Saturday, 3 March 2012

Breaking news!!! ”Van Rompuy bites dog!!!”

At this moment the home page of the European Council is all about the spring EUCO meeting 1 to 2 March 2012, with further pages dedicated to the re-election of president Herman Van Rompuy, the first day of the spring European Council, the euro area leaders on Greece, the Treaty on stability, coordination and governance (TSCG aka the fiscal compact) signed, and day two of the EUCO meeting summed up.

These summaries have links to documents, speeches and webcasts, so technically the communication effort was handled neatly. Under Meetings, I would prefer for the conclusions and the euro statement to link to the page with all the available language versions regardless of the language the visitor happens to use. The link to the TSCG offers an example.

EUCO summary

For the reader pressed for time, the EUCO conclusions begin with a summary of the results:

The European Council discussed the implementation of the EU's economic strategy. This strategy pursues both continued fiscal consolidation and determined action to boost growth and jobs; sustainable growth and jobs cannot be built on deficits and excessive debt levels. The measures taken to stabilize the situation in the euro area are bearing fruit.

The European Council endorsed the five priorities for 2012 set out in the Commission's Annual Growth Survey. It looked at action that has to be taken at national level. Member States must make faster progress towards the targets of the Europe 2020 Strategy and step up efforts on the reforms taken up in the 2011 Country-Specific Recommendations. They are expected to indicate the measures they intend to take to that effect in their National Reform Programmes and their Stability or Convergence Programmes. The European Council also discussed action required at the EU level, pushing ahead with completing the Single Market in all its aspects, both internal and external, and boosting innovation and research.

In the margins of the European Council the participating Member States signed the Treaty on stability, coordination and governance in the EMU.

The European Council set the EU's priorities for the forthcoming G20 meeting and UN Rio+20 Conference, with a particular emphasis on growth-enhancing measures and reforms. It took stock of developments concerning the Arab Spring and set guidance for future EU action to support that process.

The European Council granted candidate status to Serbia.

It agreed that the Council should revert to the issue of Bulgaria and Romania's accession to the Schengen area in order to adopt its decision in September.

Finally, the European Council re-elected Herman Van Rompuy as its President.

Herman Van Rompuy

One of the concrete decisions was the reappointment (formally election) of the EUCO president for two and a half years.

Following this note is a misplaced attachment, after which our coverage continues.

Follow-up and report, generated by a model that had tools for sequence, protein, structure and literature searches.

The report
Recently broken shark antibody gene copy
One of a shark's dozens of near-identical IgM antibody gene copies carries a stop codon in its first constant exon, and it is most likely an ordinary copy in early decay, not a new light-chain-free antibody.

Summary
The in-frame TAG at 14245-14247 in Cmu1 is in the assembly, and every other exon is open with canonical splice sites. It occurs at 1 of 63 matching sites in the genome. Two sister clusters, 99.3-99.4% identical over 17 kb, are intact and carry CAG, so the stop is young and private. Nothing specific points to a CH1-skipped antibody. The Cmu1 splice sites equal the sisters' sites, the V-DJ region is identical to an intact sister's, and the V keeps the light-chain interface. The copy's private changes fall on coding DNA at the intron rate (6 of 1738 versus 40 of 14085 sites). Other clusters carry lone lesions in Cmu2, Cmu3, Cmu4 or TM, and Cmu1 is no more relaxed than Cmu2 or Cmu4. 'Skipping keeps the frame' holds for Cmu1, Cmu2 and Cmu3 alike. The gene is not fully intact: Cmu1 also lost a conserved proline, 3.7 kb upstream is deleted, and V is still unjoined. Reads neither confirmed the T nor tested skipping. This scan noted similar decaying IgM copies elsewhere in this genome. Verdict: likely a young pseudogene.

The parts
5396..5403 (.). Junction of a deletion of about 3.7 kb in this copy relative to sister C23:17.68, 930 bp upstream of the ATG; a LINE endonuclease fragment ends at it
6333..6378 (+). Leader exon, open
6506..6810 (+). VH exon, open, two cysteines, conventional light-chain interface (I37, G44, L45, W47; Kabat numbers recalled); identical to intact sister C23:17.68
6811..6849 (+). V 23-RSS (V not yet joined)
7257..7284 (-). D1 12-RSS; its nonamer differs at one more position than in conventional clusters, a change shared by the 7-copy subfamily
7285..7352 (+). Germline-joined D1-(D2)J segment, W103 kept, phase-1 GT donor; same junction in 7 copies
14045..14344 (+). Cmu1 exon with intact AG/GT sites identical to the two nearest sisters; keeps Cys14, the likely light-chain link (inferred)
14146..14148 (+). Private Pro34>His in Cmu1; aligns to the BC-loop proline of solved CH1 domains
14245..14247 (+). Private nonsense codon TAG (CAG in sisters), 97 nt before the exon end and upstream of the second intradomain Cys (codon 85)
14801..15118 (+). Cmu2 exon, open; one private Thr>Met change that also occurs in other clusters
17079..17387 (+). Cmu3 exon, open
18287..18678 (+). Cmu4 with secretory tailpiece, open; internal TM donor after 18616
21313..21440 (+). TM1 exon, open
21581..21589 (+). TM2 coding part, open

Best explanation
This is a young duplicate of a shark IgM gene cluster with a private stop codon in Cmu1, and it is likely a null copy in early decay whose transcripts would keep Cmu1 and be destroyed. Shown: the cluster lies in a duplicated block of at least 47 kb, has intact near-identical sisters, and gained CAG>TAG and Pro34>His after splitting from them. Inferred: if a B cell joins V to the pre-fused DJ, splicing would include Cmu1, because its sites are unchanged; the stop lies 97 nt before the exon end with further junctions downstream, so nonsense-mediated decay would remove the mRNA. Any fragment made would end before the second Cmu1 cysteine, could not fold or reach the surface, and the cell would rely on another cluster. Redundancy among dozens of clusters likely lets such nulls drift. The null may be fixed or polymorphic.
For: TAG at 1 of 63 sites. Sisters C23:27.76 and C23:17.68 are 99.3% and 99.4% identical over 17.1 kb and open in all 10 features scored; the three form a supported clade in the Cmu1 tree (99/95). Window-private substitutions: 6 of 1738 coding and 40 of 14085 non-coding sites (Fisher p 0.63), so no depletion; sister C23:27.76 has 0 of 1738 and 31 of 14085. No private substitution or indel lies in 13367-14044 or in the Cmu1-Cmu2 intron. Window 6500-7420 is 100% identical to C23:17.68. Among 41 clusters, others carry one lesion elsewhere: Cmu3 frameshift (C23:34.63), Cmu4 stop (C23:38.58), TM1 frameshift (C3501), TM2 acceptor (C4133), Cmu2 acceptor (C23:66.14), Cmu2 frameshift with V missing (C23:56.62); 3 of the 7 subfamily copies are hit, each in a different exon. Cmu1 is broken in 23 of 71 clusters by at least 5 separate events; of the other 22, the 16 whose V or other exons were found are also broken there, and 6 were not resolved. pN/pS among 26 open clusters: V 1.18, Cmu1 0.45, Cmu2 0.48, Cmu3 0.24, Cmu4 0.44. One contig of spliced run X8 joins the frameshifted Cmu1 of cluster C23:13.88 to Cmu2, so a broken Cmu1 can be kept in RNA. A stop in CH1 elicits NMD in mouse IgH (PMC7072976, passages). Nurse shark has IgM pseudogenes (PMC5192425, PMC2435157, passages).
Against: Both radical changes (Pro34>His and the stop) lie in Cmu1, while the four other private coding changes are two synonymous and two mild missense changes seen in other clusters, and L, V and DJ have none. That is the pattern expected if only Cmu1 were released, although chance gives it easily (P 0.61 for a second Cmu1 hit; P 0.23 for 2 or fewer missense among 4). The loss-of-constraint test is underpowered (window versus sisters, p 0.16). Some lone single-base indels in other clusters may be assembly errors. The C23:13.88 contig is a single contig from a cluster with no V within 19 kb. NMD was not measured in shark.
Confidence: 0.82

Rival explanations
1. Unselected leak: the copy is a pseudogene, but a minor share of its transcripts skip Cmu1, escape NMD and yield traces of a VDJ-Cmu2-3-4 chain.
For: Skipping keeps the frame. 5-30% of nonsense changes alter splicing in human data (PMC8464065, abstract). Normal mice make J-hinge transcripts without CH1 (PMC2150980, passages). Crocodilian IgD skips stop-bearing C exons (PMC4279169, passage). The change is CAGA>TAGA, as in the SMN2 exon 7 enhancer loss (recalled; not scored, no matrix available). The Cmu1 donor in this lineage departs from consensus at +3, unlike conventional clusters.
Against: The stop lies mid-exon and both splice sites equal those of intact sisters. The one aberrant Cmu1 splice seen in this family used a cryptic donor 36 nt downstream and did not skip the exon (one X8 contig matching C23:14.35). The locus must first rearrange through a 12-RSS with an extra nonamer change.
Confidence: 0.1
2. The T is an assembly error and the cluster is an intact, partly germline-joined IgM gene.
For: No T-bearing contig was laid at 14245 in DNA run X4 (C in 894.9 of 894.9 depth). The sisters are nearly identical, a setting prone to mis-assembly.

I already noted that president Herman Van Rompuy promised no real change for EU citizens during his second term, during which he will chair the Euro Summit as well. (A post in Swedish on Grahnblawg too about this election of a sole candidate.)

In addition to the draft conclusions (not formally published) and press conference videos, Van Rompuy left a number of speeches and statements as reading for journalists and aficionados of EU politics: his acceptance speech, his statement after the first session of the European Council with the letter S in prominence, his speech at the signing of the of the Treaty on Stability, Coordination
and Governance in the Economic and Monetary Union (TSCG) by 25 of the 27 EU member states, and his positive end note at the conclusion of the summit, even risking a joke about his own (s)election (in French).

Van Rompuy bites dog?

Those who cry out for boldness and charisma are probably driven to despair before Van Rompuy opens his mouth, and they possibly fall asleep before hearing a word.

If ”Man bites dog” encapsulates news, there is little front page headline material to wring out of these addresses.

The structure is clear and the style restrained. In a low key they put chosen policies in perspective and explain the choices made. Their lack of hyperbole makes them more credible than many EU proclamations of yore. The messages seem to be the kind of gentle prodding national leaders want, or at least tolerate.

Are Van Rompuy's interventions and work effective? Can the outcomes be judged now or later?

Ralf Grahn
speaker on EU affairs, especially digital policy and law

P.S. Between the global issues and the national level, with a tenuous hold on democracy, the European Union institutions and the eurozone coteries shape our future. At the same time we see a European online public sphere emerging. Grahnlaw (ranked fourth among political blogs in Finland), Grahnblawg (in Swedish) and Eurooppaoikeus (in Finnish) are among the more than 900 euroblogs aggregated by multilingual Are you following the debates which matter for your future? Is your blog already listed on Bloggingportal?